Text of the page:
Academic journal article Family Relations

The Presentation of Stepfamilies in Marriage and Family Textbooks: A Reexamination

Academic journal article Family Relations

The Presentation of Stepfamilies in Marriage and Family Textbooks: A Reexamination

Article excerpt

In recent years, stepfamilies have been one of the most rapidly growing family forms in the United States and throughout the world. Although Census Bureau data are not available regarding the exact number of stepfamilies in the United States, and estimates vary widely, even the most conservative estimates indicate that stepfamilies make up a sizable minority of the population. Nearly a decade ago, Cherlin and McCarthy (1985) calculated that there were nearly 2.5 million postdivorce stepfamily households with residential children in the United States. This number obviously would be larger if remarriages formed following the death of a spouse and de facto stepfamilies in which adults do not legally remarry were included. According to demographer Glick (1989), 19% of married couple families with children are stepfamilies, and one third of Americans are now a stepparent, a stepchild, a stepsibling, or some other member of a stepfamily. At any one time, about 10% of American children live with a stepfather and mother (Bumpass, 1984; Glick, 1984) and about 2% with a stepmother and father (Bachrach, 1983). If current rates of divorce and remarriage continue, as many as 35% of the children in the United States will be part of a stepfamily before they are 18 years old (Glick, 1989).

It is likely, therefore, that a sizable percentage of college students have experienced membership in a stepfamily, or they will have such experiences sometime during their adult years. Because so many students are affected by remarriage, the topics of remarriage, stepparenting, and stepfamilies are relevant subjects that should be an integral part of introductory courses on marriage and family relationships.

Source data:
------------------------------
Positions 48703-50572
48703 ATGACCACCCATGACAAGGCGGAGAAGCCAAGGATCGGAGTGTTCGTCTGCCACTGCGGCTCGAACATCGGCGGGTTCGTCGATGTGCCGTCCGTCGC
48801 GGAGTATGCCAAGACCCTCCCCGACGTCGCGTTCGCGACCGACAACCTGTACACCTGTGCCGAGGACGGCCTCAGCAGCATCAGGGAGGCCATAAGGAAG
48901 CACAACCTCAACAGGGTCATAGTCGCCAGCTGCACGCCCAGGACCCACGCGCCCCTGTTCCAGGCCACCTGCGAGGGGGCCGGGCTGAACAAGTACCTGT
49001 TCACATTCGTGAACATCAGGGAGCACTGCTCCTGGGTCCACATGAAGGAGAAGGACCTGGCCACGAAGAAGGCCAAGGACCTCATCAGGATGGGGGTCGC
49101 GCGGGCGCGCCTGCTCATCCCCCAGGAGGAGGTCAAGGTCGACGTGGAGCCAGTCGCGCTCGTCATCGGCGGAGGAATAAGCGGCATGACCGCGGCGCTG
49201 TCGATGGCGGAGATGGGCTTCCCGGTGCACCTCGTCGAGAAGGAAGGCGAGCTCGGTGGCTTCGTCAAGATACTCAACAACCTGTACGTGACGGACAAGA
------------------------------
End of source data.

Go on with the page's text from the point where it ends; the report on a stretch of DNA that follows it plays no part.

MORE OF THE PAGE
One indication of what is taught in introductory marriage and family courses is the presentation of material in textbooks. Of course, textbooks are not the only source of information; instructors usually supplement textbook materials with additional readings, lectures, films, and videos. Nonetheless, textbooks provide a relatively reliable view of course content. Therefore, the purpose of this study was to examine the presentation of information on stepfamilies in marriage and family textbooks.

This study is a partial replication of a review of 26 widely used introductory marriage and family textbooks that was conducted a decade ago (Nolan, Coleman, & Ganong, 1984). That review was inspired by an earlier assertion made by Rallings (1976) that stepparenting was either ignored or treated briefly and superficially in marriage and family textbooks. The following conclusions were drawn from that 1984 review:

1. In general, marriage and family textbooks contain limited information about stepfamilies.

2. Much of the information presented about stepfamilies is based on clinical work or popular, self-help sources.

3. A handful of empirical studies, many somewhat dated, provide the meager data base for these textbooks.

4. The topic of stepfamily relations is treated as secondary to remarriage. An examination of chapter titles indicates that Ralling's (1976) earlier assertion regarding this remains true.

5. There is a subtle, deficit-family model applied to stepfamilies as indicated by little discussion of successful functioning, a predilection toward discussing stresses, and a greater than usual incidence of giving recommendations. (p. 565)

In the years since this review, there has been an explosion of remarriage and stepfamily research (Coleman & Ganong, 1990). Considering that some conclusions from the 1984 investigation were due, in part, to a dearth of empirical studies on stepfamilies, the substantial increase in theoretical and empirical work on remarriage and steprelationships available to text authors in recent years should have resulted in more thorough coverage of these topics. Has the coverage of remarriage and stepfamilies in textbooks changed in the past decade? Does the coverage reflect the vastly expanded body of empirical and theoretical work? …

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